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U.S. Confidence Index Exceeds Expectations

Surpassing economists' expectations, the Conference Board's consumer confidence index surged to 98.9 this month from 85.2 in October. Forecasters were looking for an increase to about 90.

"A decline of more than 40 cents in gasoline prices this month and the improving job outlook have combined to help restore consumers' confidence," observes Lynn Franco, director of the consumer research center at the Conference Board, a New York-based business research group. "While the index remains below its pre-Katrina levels, the shock of the hurricanes and subsequent leap in gas prices have begun wearing off just in time for the holiday season," she notes. Nevertheless, adds Franco, "holiday spending will be driven by the bargains consumers have come to expect."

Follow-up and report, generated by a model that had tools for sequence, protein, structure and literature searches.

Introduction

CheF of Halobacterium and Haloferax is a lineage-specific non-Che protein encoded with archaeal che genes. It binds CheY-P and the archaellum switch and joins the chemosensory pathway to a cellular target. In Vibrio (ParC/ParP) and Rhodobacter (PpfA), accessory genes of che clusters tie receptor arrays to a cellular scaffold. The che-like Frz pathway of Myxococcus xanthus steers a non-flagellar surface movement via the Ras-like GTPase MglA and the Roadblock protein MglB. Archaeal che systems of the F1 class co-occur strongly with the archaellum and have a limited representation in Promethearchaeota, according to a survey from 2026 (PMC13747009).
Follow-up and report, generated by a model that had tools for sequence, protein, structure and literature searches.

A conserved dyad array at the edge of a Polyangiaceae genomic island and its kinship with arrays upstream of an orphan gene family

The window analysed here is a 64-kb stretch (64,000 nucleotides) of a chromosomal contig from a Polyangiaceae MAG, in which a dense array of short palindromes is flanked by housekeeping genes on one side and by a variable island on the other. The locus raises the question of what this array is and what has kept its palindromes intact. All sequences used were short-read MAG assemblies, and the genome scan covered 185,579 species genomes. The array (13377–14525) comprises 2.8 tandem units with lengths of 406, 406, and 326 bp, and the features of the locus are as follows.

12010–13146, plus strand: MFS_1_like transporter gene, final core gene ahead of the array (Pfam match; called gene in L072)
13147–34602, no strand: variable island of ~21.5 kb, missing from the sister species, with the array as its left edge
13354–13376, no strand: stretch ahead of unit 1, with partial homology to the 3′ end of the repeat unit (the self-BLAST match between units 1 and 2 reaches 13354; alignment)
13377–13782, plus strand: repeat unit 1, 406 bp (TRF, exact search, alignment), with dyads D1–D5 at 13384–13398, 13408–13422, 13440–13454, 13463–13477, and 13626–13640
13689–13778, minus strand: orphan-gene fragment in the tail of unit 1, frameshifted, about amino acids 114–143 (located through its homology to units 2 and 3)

This summer, prior to Katrina, the monthly index was around 105.

The confidence index, which is based on a representative sample of 5,000 U.S. households, is closely watched because consumer spending accounts for about two-thirds of all U.S. economic activity.

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